Lamar Demands $1M Taxpayer Bailout for a Single Billboard

Lamar Advertising has gone to court seeking a $1 million taxpayer bailout for a single billboard in Pittsburgh that was only erected because Lamar gave a "gift" to the official who approved it.

The company argues that because the city changed its mind halfway through construction of a unique electronic billboard downtown, it should pick up the expenses Lamar will lose in the deal.

The story of how Lamar got into this pickle is an unusual one in advertising: it suggests that pulling strings to circumvent government regulators is sometimes not the smartest way to do business. (BNET has suggested before that much of Lamar's revenue is dependent on legal maneuvering rather than wooing paying customers.)

The story starts in 2008, when Lamar was trying to get permission to put up a 19 by 58 foot electronic billboard in downtown. Lamar gave a gift to the city's development officer and -- by amazing coincidence! -- the company got a no-bid permission to build its billboard and didn't have to go through the inconvenience of the usual public hearing.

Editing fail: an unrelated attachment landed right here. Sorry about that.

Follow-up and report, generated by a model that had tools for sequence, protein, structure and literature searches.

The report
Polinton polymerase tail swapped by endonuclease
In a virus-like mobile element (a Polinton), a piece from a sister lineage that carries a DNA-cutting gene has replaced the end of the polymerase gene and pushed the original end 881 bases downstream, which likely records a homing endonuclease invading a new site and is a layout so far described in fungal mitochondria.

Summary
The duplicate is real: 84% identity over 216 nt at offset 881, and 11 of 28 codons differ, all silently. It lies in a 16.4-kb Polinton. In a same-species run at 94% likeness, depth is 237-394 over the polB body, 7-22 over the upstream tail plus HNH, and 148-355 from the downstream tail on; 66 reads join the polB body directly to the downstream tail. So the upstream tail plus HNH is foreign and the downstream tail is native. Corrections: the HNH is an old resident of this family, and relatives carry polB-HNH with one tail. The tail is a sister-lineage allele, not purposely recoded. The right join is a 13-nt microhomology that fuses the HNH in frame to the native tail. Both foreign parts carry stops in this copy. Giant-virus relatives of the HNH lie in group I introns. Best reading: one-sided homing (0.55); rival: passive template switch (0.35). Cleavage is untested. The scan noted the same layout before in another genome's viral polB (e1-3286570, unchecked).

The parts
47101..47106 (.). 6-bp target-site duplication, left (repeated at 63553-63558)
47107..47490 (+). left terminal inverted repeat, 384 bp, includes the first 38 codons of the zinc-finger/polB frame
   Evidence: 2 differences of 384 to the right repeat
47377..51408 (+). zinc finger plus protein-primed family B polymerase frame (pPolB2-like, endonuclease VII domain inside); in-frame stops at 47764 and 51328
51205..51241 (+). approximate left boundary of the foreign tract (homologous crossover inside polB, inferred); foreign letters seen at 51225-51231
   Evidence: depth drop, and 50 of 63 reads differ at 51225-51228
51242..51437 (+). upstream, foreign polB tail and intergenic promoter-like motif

The development officer then resigned amid a cloud of ethics violations accusations, and the city nixed Lamar's billboard. The problem is that the company had already started building the thing and says that because the parts can't be used elsewhere it will cost Lamar "in excess of $1 million." So Lamar has appealed in court, arguing that because the city initially OK'd the board it should pick up the cost for changing its mind.

You have to admire Lamar's chutzpah. This is a company that specializes in urban zoning and permission issues. BNET has noted before how expert it is at navigating local politics to get its billboards up. But in this case, Lamar is arguing that it was a naif, led astray by a city crook into spending money on a project it thought had legitimate permission.

The court could see it differently: That this is a company that has a long experience dealing with cities and had a pretty good idea that giving gifts to officials in return for fast-track status is at least a conflict of interest and at best bribery. Such bad faith should not be rewarded with public money.